There’s good news and bad news in today’s weekly update of initial jobless claims. The good news is that new filings for jobless benefits fell last week, albeit by a slim 1,000 to a seasonally adjusted 368,000. That’s also the bad news. A more convincing drop–ideally to new post-recession lows–is what’s needed to boost confidence. Instead, we seem to be stuck in neutral, and so there’s no resolution yet for the main question weighing on the economic outlook: Are the last two months of weak growth in private payrolls signs of deeper troubles for the U.S. economy?
It’s surely encouraging that claims have remained relatively low in recent weeks. The outlook for the labor market would be considerably darker if new filings for unemployment had jumped sharply in the wake of the March and April slowdown in jobs creation. Actually, it was easy to think that the economy’s goose had been cooked when new claims surged to nearly 400,000 last month. But the danger quickly passed and claims have since fallen back to near four-year lows.
It’s also encouraging that the unadjusted year-over-year change in jobless claims continues to fall at a strong pace. Using last week’s numbers, claims are roughly 15% below the level from 12 months earlier. That’s near the biggest decline rate for the past year. The fact that the annual retreat continues at a robust pace implies that the labor market will continue to heal and so there’s a case for arguing that the latest seasonally adjusted number can be dismissed as short-term noise.
“Part of the reason we’ve seen consumer spending hold up is because we’ve stopped seeing a large amount of layoffs,” Drew Matus, senior U.S. economist at UBS Securities, tells Bloomberg. “The general trend in jobless claims is lower.”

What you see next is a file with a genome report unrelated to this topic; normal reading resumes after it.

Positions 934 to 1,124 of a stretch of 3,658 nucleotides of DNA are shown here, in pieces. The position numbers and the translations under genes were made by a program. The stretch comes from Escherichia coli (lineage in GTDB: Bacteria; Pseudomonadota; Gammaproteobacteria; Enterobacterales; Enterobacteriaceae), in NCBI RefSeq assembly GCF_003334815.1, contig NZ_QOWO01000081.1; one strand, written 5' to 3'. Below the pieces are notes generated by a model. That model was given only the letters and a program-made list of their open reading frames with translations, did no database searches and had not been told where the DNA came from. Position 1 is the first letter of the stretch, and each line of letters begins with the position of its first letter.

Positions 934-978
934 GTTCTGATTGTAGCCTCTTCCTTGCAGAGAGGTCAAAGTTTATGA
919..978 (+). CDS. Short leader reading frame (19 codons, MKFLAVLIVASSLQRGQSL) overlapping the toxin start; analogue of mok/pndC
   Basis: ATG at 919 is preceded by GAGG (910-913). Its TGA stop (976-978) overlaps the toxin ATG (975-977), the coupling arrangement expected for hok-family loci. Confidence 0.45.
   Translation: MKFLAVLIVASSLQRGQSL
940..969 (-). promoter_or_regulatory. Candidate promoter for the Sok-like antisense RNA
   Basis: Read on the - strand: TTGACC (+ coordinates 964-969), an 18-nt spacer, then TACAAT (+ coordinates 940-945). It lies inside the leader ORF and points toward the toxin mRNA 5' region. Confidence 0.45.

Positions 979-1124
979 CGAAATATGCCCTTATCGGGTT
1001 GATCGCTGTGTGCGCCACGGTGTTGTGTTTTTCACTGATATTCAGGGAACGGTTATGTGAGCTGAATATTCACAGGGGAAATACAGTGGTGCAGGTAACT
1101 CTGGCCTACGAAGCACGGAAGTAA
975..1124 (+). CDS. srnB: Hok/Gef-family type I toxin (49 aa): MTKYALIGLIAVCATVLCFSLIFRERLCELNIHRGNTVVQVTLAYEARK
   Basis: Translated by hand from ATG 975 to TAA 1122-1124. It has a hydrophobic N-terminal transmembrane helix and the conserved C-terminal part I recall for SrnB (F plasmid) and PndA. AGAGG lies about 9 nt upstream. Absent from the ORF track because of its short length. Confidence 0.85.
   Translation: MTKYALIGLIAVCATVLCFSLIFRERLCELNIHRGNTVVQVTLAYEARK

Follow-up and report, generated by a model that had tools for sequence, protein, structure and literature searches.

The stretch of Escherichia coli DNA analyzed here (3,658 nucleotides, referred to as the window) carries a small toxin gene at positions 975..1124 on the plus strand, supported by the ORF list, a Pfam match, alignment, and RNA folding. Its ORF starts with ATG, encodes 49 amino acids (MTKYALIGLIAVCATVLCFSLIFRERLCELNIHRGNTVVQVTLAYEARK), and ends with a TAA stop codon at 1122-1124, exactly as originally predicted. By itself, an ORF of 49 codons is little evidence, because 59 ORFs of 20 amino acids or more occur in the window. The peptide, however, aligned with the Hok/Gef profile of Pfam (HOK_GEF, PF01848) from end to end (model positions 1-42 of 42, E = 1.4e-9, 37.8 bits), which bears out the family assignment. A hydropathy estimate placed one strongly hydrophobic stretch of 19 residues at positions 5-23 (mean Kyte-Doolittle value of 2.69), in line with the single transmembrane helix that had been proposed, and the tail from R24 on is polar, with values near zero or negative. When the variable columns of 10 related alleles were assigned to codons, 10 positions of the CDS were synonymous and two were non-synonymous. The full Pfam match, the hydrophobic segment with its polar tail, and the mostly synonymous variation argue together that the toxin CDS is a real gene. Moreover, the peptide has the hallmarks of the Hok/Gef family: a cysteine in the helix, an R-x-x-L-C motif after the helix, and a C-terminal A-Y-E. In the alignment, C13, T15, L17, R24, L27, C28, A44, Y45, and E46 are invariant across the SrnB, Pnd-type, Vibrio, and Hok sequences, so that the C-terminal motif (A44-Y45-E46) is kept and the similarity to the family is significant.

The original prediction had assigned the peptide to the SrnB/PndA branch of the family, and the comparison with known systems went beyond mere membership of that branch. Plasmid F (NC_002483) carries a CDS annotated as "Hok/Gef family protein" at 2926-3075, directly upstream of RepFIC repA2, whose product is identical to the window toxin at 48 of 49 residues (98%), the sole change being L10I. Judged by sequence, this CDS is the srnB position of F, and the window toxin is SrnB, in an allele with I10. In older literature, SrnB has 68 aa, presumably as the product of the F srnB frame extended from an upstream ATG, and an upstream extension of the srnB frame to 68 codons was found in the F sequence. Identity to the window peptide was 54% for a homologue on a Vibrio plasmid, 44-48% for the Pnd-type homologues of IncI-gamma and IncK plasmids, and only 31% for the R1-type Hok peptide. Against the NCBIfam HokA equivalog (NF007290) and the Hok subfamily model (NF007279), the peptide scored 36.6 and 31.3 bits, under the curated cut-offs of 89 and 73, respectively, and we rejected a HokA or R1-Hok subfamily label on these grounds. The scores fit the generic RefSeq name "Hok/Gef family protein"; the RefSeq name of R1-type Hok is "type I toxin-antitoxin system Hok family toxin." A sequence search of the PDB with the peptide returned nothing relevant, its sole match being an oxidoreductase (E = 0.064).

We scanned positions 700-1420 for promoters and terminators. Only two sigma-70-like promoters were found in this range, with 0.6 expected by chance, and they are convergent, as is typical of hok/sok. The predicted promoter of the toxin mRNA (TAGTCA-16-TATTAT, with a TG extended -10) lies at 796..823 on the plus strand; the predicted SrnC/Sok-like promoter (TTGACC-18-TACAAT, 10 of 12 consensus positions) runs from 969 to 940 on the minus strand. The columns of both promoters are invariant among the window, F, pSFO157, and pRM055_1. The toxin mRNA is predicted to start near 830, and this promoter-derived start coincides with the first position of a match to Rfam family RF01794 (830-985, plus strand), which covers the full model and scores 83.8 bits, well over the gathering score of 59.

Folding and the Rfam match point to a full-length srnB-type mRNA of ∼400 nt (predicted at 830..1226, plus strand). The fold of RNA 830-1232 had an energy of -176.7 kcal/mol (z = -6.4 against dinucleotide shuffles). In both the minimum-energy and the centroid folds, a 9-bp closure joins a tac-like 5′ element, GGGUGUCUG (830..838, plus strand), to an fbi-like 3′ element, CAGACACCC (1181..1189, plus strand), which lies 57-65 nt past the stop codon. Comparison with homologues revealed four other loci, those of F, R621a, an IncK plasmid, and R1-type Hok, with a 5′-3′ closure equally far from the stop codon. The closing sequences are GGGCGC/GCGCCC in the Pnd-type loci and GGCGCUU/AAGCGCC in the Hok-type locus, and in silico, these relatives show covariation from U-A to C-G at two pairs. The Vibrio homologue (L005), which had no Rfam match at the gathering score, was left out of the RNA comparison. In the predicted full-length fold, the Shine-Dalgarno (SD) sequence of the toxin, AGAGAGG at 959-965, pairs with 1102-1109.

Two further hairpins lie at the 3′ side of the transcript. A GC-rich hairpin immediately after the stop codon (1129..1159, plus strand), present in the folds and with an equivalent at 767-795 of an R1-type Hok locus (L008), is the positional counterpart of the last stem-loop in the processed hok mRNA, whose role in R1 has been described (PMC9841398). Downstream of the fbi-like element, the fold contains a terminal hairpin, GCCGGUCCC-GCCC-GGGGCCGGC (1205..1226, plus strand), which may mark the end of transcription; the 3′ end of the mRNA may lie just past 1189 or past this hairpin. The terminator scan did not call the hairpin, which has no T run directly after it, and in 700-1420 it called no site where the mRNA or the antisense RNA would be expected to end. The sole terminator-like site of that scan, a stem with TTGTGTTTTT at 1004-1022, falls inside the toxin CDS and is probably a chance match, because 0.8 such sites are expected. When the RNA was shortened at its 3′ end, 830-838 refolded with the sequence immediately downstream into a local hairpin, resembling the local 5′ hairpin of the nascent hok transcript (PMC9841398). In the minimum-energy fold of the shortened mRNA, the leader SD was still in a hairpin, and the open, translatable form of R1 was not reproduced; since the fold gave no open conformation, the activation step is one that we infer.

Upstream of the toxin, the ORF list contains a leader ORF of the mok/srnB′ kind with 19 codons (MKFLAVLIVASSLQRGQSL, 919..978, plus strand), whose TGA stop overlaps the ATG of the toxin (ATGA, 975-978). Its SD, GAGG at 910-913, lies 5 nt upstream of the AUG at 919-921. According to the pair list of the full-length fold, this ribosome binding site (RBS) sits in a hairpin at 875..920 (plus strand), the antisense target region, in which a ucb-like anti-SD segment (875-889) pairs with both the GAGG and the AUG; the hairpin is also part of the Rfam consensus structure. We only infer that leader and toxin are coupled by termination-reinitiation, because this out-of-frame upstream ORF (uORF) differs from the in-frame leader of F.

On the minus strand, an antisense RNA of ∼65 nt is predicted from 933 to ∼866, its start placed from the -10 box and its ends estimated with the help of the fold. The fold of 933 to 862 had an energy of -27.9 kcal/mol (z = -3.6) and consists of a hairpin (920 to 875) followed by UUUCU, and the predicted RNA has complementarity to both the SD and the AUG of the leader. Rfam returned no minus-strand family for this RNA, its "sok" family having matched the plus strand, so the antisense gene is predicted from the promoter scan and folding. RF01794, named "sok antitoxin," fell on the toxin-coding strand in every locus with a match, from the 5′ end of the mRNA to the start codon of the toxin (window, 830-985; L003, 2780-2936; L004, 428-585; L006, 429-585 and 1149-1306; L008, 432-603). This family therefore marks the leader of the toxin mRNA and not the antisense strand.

There’s some reason to argue the point based on today’s update, but the year-over-year decline rates largely trumps those worries. Nonetheless, the recent inability of the weekly seasonally adjusted numbers to poke down to new lows feeds concerns that the labor market’s healing process is slowing.
Meanwhile, two large risk factors of late offer mixed messages these days as well. Oil (West Texas Intermediate) has fallen under $100 a barrel for the first time since February and that’s helping to pull gasoline prices down. All things equal, lower fuel costs are always helpful for juicing the economy. The question is whether all things are equal these days. In particular, are the growth-boosting benefits of lower energy prices offset by the revival of euro risk.
One step forward, one step back.
“The initial-claims numbers are consistent with the notion that while the labor market is not as robust as December-February data suggested, neither does it appear to be in the process of falling apart,” says Joshua Shapiro, MFR’s chief U.S. economist.